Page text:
Parent/Caregiver Services

Boys Republic Peer Accountability Model directly provides services to parents/caregivers and addresses the following:

  • Family therapy sessions are held on site or at the family's home. Apartments are available on campus and in the residences for families to spend weekends and participate in family therapy sessions. Parenting classes are also available.

Delivery Setting

This program is typically conducted in a(n):

  • Residential Care Facility

Homework

This program does not include a homework component.

Languages

Boys Republic Peer Accountability Model does not have materials available in a language other than English.

Resources Needed to Run Program

The typical resources for implementing the program are:

Trained staff, classrooms, school component, vocational training environments, student government implementation, transportation, and residential living

Minimum Provider Qualifications

Bachelor’s degree in Social Science and training in the Boys Republic Peer Accountability Model

Education and Training Resources

There is a manual that describes how to implement this program, and there is training available for this program.

Training Contact:
Training is obtained:

On-site or regional

Number of days/hours:

Varies

Relevant Published, Peer-Reviewed Research

This program has been reviewed and it was determined that this program lacks the type of published, peer-reviewed research that meets the CEBC criteria for a scientific rating of 1 – 5. Therefore, the program has been given the classification of "NR - Not able to be Rated." It was reviewed because it was identified by the topic expert as a program being used in the field, or it is being marketed and/or used in California with children receiving services from child welfare or related systems and their parents/caregivers. Some programs that are not rated may have published, peer-reviewed research that does not meet the above stated criteria or may have eligible studies that have not yet been published in the peer-reviewed literature. For more information on the "NR - Not able to be Rated" classification, please see the Scientific Rating Scale.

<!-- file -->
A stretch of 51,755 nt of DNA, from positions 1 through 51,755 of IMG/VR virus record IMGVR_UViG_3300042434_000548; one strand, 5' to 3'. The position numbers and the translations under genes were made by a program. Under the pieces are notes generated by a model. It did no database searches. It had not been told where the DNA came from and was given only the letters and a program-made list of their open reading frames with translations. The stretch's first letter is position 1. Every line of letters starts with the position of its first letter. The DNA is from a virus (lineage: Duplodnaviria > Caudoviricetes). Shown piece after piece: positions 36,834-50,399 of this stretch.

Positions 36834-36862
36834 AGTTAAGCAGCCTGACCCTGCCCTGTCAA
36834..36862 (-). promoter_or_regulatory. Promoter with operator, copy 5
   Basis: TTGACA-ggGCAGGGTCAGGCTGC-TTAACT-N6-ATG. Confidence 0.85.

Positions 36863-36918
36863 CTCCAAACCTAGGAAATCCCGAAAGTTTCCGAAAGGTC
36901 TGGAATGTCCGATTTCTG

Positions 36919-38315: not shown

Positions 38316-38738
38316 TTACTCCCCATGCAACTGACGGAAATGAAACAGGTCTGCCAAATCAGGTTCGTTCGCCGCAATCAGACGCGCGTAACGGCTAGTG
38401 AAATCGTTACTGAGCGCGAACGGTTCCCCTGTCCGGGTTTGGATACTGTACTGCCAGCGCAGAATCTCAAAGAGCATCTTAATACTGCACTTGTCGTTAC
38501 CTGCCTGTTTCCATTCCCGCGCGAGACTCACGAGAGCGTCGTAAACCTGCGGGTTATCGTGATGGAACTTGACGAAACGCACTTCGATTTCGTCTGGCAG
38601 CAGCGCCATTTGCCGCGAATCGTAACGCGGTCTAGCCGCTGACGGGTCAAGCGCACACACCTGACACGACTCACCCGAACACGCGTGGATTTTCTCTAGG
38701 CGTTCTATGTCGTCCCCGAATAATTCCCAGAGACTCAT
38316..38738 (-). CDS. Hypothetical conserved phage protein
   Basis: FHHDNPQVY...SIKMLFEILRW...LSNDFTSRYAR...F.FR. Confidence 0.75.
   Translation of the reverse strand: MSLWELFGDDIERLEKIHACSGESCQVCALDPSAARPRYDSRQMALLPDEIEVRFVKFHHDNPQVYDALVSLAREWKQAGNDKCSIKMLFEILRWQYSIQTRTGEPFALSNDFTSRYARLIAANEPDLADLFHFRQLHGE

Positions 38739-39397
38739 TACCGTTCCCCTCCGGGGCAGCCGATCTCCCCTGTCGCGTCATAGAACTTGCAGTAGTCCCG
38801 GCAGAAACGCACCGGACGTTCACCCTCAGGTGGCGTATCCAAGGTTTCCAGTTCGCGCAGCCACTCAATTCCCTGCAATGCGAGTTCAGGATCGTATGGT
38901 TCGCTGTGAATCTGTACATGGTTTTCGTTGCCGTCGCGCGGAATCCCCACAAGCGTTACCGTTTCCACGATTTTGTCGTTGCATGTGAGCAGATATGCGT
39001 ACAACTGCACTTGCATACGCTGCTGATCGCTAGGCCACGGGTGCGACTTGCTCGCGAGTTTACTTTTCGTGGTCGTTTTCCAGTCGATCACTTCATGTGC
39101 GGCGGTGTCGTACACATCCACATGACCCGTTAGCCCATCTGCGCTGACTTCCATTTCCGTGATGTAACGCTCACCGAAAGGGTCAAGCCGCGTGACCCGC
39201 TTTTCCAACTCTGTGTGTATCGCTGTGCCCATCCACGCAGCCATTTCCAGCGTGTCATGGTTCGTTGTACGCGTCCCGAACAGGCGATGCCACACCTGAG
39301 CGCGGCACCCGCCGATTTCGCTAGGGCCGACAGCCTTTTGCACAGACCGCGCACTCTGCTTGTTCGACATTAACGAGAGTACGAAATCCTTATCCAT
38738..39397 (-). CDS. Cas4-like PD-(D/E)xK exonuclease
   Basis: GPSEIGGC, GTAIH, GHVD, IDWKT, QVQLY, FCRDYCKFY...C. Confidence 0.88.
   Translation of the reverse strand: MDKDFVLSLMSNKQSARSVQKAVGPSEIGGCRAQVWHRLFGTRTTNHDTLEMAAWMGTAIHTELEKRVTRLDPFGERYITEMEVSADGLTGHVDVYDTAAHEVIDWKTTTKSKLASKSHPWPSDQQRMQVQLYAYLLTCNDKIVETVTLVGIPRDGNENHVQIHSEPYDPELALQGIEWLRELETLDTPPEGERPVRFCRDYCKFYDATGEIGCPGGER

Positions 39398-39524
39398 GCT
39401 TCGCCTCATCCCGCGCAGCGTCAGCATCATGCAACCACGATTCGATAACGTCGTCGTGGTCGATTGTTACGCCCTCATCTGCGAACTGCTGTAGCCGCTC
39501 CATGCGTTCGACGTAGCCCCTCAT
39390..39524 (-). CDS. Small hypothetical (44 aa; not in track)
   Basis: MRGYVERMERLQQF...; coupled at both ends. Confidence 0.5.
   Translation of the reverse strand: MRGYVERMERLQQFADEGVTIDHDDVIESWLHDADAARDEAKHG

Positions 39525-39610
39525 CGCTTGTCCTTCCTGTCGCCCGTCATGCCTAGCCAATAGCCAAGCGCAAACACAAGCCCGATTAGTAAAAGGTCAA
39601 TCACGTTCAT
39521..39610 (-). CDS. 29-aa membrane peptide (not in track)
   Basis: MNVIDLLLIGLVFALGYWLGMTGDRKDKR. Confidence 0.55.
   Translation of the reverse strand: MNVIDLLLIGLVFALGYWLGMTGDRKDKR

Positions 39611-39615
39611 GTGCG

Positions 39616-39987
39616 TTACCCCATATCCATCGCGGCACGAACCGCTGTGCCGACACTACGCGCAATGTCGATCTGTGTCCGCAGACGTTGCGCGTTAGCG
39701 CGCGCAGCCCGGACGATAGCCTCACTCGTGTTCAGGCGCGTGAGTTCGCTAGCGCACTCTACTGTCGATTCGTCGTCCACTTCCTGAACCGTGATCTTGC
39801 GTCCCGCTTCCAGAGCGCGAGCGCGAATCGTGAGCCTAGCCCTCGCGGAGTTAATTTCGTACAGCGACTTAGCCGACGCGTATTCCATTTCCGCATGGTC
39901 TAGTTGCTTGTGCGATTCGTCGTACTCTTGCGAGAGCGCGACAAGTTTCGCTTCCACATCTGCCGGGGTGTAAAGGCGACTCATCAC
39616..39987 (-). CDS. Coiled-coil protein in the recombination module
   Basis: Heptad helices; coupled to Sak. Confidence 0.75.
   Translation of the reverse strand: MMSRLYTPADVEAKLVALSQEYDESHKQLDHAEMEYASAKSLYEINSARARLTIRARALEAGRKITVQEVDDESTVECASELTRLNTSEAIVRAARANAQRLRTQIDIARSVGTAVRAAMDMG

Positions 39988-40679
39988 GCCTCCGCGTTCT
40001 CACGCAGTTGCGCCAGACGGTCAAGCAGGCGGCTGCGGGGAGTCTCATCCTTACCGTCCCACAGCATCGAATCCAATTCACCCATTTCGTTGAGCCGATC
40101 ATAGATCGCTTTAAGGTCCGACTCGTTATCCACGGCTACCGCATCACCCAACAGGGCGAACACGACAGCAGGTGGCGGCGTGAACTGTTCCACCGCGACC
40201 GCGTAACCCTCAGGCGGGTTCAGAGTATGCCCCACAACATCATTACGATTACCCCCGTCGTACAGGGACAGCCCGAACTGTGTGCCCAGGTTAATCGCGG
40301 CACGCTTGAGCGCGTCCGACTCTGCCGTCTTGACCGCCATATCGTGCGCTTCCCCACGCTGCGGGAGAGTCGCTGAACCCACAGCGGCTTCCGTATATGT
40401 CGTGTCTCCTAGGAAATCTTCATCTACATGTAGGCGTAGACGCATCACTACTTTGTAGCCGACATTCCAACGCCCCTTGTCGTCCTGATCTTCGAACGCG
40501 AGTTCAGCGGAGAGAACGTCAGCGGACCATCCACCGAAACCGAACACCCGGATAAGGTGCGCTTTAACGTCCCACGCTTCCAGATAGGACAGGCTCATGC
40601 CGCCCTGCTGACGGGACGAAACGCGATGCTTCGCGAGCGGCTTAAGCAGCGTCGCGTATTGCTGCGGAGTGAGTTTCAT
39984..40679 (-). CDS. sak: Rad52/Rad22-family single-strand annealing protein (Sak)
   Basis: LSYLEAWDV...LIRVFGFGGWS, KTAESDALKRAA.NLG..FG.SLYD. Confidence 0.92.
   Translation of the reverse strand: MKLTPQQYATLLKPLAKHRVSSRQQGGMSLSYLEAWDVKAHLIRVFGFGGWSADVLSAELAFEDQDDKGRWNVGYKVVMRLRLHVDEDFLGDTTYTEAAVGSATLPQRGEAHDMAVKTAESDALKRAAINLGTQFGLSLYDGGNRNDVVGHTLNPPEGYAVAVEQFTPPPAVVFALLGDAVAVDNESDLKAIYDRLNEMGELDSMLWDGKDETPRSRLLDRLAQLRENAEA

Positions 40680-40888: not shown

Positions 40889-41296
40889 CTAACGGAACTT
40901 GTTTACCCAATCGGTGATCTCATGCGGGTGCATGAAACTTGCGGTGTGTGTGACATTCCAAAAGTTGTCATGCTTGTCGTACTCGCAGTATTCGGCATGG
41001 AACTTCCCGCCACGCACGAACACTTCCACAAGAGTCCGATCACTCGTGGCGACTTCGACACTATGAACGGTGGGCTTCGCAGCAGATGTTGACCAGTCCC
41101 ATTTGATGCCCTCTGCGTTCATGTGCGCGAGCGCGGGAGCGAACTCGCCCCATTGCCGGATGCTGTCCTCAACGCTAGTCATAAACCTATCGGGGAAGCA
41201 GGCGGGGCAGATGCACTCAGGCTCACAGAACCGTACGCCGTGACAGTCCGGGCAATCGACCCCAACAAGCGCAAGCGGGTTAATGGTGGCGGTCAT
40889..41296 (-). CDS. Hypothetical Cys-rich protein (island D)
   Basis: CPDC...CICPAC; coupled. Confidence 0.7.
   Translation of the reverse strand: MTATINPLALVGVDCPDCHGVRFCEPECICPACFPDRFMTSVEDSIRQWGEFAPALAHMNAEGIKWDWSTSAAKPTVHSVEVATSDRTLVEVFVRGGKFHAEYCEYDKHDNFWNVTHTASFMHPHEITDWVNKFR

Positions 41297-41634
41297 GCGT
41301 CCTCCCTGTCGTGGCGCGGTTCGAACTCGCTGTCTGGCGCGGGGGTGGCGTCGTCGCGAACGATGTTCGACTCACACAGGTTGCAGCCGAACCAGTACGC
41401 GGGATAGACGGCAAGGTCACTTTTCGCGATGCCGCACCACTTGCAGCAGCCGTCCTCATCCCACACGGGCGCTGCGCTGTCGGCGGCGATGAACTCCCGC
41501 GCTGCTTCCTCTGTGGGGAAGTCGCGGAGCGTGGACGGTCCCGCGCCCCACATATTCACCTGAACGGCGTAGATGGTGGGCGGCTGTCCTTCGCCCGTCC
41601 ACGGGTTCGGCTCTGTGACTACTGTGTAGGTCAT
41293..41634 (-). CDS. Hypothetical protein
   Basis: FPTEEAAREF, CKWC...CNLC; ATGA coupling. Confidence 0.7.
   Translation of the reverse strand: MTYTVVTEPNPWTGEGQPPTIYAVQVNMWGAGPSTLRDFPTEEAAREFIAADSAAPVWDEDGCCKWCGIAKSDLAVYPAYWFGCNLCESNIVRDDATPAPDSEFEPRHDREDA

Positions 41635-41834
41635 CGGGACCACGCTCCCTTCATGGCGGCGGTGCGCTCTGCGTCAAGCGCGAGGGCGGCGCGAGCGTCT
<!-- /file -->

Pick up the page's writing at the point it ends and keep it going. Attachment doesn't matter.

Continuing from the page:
Child Welfare Outcomes: Not Specified

Currently, there are no published, peer-reviewed research studies for Boys Republic Peer Accountability Model.

References

Empey, L. T. (1984). Boys Republic Training Manual: Adolescent problems and the use of group techniques. Chino Hills, CA: Boys Republic.

Empey, L. T., & Erickson, M. L. (1972). The Provo Experiment: Evaluating community control of delinquency. Lexington, MA: Lexington Books.

Lundman, R. J. (2001). Prevention control of juvenile delinquency. New York: Oxford University Press.

Contact Information

Name: Dr. Chris Burns, PhD
Agency/Affiliation: Boys Republic
Website: www.boysrepublic.org
Email:
Phone: (909) 628-1217
Fax: (909) 627-9222

Date Research Evidence Last Reviewed by CEBC: November 2013

Date Program Content Last Reviewed by Program Staff: October 2014

Date Program Originally Loaded onto CEBC: November 2013